We shook hands before settling in a coffee shop of the mall. Jun (not his real name), who was with his wife when we met recently, is now a doctor practicing his profession in a city in far off Mindanao. His wife showed me photos of their three children, one of whom is already a teenager.
The years. I looked at the two of them and pictured how I now look in the mirror. The telltale signs of age is visible in the wrinkles that are starting to show on our faces. But then it seemed like yesterday when we last talked in the early ’90s.
I was just out of a prolonged detention then and Jun was rebuilding his life after he was incarcerated for a few weeks. He was married and needed a job, and so ended up continuing a study interrupted by our participation in the revolution. I could sense he is now doing good.
In Southwestern University where I took up Chemical Engineering (later shifting to AB Political Science when activism took much of my time), I was the first to go full time in the underground. I would like to believe my decision had an influence on Jun, who later left his medical studies to work full time for the movement.
When I went underground, all I did was pack a few of my things and then leave a letter to my parents explaining my decision. I visited our house months later and found out the impact of that decision. I was met by my teary eyed older sister and my father asked me to go back home. I did not.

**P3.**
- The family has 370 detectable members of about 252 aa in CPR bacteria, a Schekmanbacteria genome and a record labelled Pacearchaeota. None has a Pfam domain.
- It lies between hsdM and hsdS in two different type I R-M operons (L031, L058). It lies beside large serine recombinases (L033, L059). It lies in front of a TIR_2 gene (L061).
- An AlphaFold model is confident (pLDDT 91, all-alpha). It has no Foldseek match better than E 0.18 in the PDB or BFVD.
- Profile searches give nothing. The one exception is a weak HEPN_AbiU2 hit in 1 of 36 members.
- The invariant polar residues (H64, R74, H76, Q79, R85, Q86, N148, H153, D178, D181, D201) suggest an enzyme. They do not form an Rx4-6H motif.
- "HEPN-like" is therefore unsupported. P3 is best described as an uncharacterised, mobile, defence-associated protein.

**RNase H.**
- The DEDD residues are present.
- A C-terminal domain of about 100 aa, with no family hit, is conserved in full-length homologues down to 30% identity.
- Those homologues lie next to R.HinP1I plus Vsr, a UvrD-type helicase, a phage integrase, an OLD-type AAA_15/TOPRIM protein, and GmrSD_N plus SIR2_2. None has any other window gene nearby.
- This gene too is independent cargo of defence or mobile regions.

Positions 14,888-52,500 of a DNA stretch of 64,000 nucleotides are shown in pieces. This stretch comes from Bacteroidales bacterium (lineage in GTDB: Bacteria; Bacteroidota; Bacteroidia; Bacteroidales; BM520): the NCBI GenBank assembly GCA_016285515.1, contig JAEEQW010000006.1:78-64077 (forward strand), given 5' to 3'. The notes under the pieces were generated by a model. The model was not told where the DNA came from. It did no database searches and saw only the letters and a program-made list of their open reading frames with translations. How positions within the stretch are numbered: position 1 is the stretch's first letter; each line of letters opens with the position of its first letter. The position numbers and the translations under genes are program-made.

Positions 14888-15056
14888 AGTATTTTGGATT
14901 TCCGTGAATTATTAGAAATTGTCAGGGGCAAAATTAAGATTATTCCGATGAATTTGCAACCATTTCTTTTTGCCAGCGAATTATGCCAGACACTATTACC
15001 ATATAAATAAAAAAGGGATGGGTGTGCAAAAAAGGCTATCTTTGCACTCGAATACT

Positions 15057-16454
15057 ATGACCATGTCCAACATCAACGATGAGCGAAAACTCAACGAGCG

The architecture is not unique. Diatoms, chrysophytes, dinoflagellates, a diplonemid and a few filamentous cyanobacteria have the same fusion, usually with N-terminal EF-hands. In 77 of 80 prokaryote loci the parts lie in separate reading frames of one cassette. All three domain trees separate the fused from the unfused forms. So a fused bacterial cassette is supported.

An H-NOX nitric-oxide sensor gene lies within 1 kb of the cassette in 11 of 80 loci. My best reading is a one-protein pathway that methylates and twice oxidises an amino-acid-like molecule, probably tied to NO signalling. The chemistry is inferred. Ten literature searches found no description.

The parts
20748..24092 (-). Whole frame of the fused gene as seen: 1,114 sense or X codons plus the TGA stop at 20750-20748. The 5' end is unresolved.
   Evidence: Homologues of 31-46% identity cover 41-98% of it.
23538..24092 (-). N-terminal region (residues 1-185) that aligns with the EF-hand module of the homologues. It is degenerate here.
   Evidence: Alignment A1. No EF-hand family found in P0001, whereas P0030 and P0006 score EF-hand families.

Jun’s father was a former policeman and a disciplinarian. That only strengthened his resolve to leave. One of the precious possessions he spirited out of his house before he left was his guitar. The instrument did become useful especially in the mountains where music was an integral part of organizing and living.
Jun and I never became part of the same collective, though, because we chose different lines of work. I was mainly based in the countryside while he stayed for the longest time in the urban areas. But it seemed like our paths were destined to be parallel. He was nabbed only months after my second arrest.
After our talk, I asked to be dropped at the crossing to the South Coastal Road. I watched as they drove back to the city, the memories of the days past still being replayed in my mind. Then I remembered my wife was waiting for me at home and we needed to prepare for work.
Jun and I are in a different kind of struggle, monotonous and ordinary. Our families are now our main priority. In a way, he is better off than I am in terms of lifestyle, but I am sure not much has changed in our views of life. Sometimes this is true: once an activist, always an activist.